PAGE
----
Someone says “You’re in the wrong place master, you better leave”

Moving system databases. Whenever I have brought this up with a co-worker they seem to get a bit freaked out and want to avoid moving them.  I used to be the same, but happily now I am comfortable moving them around.

Let me first tell you why I want to move them.  I like to have my Data files on the D: drive, Log files on the E: drive, Backup files on the F: and my Tempdb files on the G: Drive.  These are all SAN drives.  This method keeps me consistent for all my servers and I am able to quickly know where to find everything I need.  I am also able to easily identify which drive my problem is on.  But my favorite reason is that in the past (three separate times), I have lost the OS to my SQL Server.  Because I had master, model, and msdb on the D: drive, after a quick re-install of SQL and the correct patch, I was able to re-point to master and everything came up beautifully without further recovery.  I had over 70 databases on one of these instances, and this method prevented me from having to restore each one along with log files. It was a wonderful surprise the first time it worked.

There are performance reasons for splitting out your files on to different drives, but we can get into that later because it requires its own post.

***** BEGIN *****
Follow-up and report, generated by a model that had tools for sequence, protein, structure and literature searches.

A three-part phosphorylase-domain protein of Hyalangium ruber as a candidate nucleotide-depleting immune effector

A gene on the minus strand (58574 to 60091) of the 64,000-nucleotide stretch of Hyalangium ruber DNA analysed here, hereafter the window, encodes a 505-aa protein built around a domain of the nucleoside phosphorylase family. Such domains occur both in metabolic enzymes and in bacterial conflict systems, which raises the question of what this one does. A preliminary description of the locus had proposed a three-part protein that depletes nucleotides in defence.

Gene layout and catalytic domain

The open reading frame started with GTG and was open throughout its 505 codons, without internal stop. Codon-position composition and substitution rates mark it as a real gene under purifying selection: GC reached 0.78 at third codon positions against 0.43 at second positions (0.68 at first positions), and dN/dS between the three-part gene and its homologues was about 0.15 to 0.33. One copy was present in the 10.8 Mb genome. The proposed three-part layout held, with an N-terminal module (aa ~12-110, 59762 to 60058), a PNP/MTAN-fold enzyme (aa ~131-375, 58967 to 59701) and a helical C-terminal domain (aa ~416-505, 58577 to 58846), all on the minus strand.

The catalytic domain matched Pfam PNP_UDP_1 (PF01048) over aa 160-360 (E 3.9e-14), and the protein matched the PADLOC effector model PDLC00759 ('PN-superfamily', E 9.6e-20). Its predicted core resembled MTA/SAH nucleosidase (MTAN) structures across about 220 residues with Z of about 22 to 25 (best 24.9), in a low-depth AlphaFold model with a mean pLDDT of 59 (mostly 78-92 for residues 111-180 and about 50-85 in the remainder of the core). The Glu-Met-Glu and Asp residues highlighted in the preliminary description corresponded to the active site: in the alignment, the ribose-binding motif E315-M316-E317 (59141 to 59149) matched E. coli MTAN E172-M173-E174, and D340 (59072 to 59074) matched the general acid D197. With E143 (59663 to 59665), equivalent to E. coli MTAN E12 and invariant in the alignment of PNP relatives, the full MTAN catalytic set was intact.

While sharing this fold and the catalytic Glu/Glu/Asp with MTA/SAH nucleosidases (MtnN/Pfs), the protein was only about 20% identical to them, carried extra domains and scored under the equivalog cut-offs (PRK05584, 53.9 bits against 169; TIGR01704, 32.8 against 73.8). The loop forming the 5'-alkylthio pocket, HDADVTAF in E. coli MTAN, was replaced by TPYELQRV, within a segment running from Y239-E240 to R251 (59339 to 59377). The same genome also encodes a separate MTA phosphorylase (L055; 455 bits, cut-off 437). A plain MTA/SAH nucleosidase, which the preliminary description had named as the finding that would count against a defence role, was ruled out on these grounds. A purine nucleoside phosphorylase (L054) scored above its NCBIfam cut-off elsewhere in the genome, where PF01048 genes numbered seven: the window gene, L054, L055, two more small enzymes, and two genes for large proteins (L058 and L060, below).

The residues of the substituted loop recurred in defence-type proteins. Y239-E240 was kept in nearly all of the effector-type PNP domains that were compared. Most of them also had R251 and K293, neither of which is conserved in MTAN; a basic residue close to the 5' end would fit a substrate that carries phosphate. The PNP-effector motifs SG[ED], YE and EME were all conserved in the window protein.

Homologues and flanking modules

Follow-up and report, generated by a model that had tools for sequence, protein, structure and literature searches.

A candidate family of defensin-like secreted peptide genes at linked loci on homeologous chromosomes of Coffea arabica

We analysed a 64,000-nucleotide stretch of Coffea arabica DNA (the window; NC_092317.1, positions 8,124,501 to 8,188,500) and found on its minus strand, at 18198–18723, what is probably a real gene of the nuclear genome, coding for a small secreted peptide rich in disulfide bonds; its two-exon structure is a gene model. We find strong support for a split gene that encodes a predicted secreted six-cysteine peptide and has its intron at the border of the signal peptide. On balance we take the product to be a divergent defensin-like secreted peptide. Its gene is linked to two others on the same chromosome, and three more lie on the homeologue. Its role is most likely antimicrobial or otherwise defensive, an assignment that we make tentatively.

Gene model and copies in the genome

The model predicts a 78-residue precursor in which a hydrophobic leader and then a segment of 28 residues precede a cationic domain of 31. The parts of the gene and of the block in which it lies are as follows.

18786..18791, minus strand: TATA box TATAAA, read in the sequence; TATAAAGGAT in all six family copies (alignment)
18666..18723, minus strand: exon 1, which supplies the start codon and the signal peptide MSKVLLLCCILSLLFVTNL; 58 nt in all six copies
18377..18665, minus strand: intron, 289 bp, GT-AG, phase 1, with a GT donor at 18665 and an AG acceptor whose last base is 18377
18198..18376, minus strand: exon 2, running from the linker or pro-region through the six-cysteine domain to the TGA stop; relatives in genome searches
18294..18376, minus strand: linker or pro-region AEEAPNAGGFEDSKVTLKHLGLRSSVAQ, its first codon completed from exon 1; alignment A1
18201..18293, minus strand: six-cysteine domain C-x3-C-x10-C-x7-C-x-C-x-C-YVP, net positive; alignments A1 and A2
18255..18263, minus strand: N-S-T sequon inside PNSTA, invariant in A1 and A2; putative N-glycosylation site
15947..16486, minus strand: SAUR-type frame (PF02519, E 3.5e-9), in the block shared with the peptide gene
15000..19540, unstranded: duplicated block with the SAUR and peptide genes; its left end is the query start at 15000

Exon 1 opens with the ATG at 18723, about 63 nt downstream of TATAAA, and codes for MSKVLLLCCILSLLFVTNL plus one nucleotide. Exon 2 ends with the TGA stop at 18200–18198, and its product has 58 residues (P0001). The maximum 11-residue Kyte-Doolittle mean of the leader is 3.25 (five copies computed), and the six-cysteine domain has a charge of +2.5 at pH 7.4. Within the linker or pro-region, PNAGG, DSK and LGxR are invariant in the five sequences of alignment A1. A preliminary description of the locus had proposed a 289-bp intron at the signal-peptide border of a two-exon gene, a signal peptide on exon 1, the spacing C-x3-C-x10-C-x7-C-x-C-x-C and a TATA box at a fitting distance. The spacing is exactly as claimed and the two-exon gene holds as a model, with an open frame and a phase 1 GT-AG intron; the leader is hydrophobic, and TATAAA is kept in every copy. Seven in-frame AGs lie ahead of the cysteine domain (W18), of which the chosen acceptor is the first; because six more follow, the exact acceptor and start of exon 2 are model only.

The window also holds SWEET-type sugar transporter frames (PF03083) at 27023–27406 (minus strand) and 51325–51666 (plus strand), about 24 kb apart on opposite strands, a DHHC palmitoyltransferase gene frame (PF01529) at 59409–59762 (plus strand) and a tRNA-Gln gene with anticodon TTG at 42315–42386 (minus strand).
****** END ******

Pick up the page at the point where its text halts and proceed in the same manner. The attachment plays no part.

This step comes before I split out my tempdb files, so I am only moving one. You could easily add more lines of code to allow you to move more tempdb files.

So let’s get to the code and you will see how easy it is to do.  You will never fear moving the system databases again. This code is set up for SQL2008, but is easily modified for whatever version you are using.  Just set it up to match the folder structure.


--Check to see where your files are now.

SELECT *
FROM sys.master_files

--Move your files
USE master
GO

ALTER DATABASE model
MODIFY FILE (NAME = modeldev, FILENAME = 'D:\MSSQL10.MSSQLSERVER\MSSQL\DATA\model.mdf');
GO

ALTER DATABASE model
MODIFY FILE (NAME = modellog, FILENAME = 'E:\MSSQL10.MSSQLSERVER\MSSQL\DATA\modellog.ldf');
GO

ALTER DATABASE msdb
MODIFY FILE (NAME = MSDBData, FILENAME = 'D:\MSSQL10.MSSQLSERVER\MSSQL\DATA\MSDBData.mdf');
GO

ALTER DATABASE msdb
MODIFY FILE (NAME = MSDBLog, FILENAME = 'E:\MSSQL10.MSSQLSERVER\MSSQL\DATA\MSDBLog.ldf');
GO

ALTER DATABASE  tempdb
MODIFY FILE (NAME = tempdev, FILENAME = 'G:\MSSQL10.MSSQLSERVER\MSSQL\DATA\tempdb.mdf');
GO

ALTER DATABASE tempdb
MODIFY FILE (NAME = templog, FILENAME = 'G:\MSSQL10.MSSQLSERVER\MSSQL\DATA\templog.ldf');
GO

Stop the SQL Server and physically copy over the files. Restart the SQL Server and verify they moved your files moved.

SELECT *
FROM sys.master_files